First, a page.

Pope Francis has shared his thoughts about the Internet, declaring it a wonderful thing but also expressing worries that it impair human relationships and inflict a kind of commercial violence on users.
Francis' thoughts are published here under the title “"Communication at the Service of an Authentic Culture of Encounter" - Pope's Message for World Communications Day”. The day, celebrated since 1967, is a Catholic Church invention designed to encourage reflection on how modern media can help to spread the Gospel.
The pontiff's central thesis is that “media can help us to feel closer to one another, creating a sense of the unity of the human family which can in turn inspire solidarity and serious efforts to ensure a more dignified life for all”.
“The internet, in particular, offers immense possibilities for encounter and solidarity,” Francis writes. “This is something truly good, a gift from God.”
But it's not all tweetness and light, Francis says, offering the following analysis of some downsides of online communities:
“This is not to say that certain problems do not exist. The speed with which information is communicated exceeds our capacity for reflection and judgement, and this does not make for more balanced and proper forms of self-expression. The variety of opinions being aired can be seen as helpful, but it also enables people to barricade themselves behind sources of information which only confirm their own wishes and ideas, or political and economic interests. The world of communications can help us either to expand our knowledge or to lose our bearings. The desire for digital connectivity can have the effect of isolating us from our neighbours, from those closest to us. We should not overlook the fact that those who for whatever reason lack access to social media run the risk of being left behind.”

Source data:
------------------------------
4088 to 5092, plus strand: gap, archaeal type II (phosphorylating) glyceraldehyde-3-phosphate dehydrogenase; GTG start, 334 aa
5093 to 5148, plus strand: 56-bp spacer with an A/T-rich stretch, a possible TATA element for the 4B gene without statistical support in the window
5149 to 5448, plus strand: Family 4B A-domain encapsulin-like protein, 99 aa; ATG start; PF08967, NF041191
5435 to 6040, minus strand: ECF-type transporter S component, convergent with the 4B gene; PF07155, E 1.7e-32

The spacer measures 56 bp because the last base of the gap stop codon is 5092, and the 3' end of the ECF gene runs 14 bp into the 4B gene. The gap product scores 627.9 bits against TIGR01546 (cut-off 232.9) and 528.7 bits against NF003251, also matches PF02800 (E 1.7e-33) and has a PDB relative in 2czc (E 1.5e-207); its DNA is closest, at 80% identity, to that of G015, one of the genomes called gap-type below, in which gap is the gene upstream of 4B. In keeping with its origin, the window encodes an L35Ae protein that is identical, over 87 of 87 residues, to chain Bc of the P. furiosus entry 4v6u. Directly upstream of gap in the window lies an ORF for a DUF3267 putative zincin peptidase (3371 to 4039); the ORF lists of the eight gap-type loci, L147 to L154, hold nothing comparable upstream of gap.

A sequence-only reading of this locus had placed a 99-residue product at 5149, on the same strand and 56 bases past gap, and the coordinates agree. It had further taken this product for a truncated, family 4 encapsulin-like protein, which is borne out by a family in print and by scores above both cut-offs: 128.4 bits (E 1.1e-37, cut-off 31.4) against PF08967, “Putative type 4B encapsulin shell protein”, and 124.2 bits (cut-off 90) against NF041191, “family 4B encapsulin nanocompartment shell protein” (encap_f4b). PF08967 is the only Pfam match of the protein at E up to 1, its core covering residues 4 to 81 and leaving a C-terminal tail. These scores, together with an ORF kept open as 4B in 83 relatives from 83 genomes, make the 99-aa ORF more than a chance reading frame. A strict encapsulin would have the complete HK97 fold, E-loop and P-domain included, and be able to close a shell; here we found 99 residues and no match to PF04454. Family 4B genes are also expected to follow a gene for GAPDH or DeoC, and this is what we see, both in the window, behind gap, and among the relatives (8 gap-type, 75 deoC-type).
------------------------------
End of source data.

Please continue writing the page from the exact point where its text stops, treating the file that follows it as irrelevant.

Francis also appears to have little time for social networks as they exist today, as expressed in this passage of his piece:
“Whenever communication is primarily aimed at promoting consumption or manipulating others, we are dealing with a form of violent aggression like that suffered by the man in the parable, who was beaten by robbers and left abandoned on the road.”
Is that Facebook or the NSA he's referring to? Or both? You be the judge.
Francis wraps up with a call for media to facilitate what he calls “encounters” that bring us closer to one another and to God.
“It is not enough to be passersby on the digital highways, simply 'connected',” he writes. “Connections need to grow into true encounters. We cannot live apart, closed in on ourselves. We need to love and to be loved. We need tenderness. Media strategies do not ensure beauty, goodness and truth in communication. The world of media also has to be concerned with humanity, it too is called to show tenderness.”
That last remark might sound like criticism of a site with the motto “Biting the hand that feeds IT”. Sometimes you've got to be cruel to be kind. ®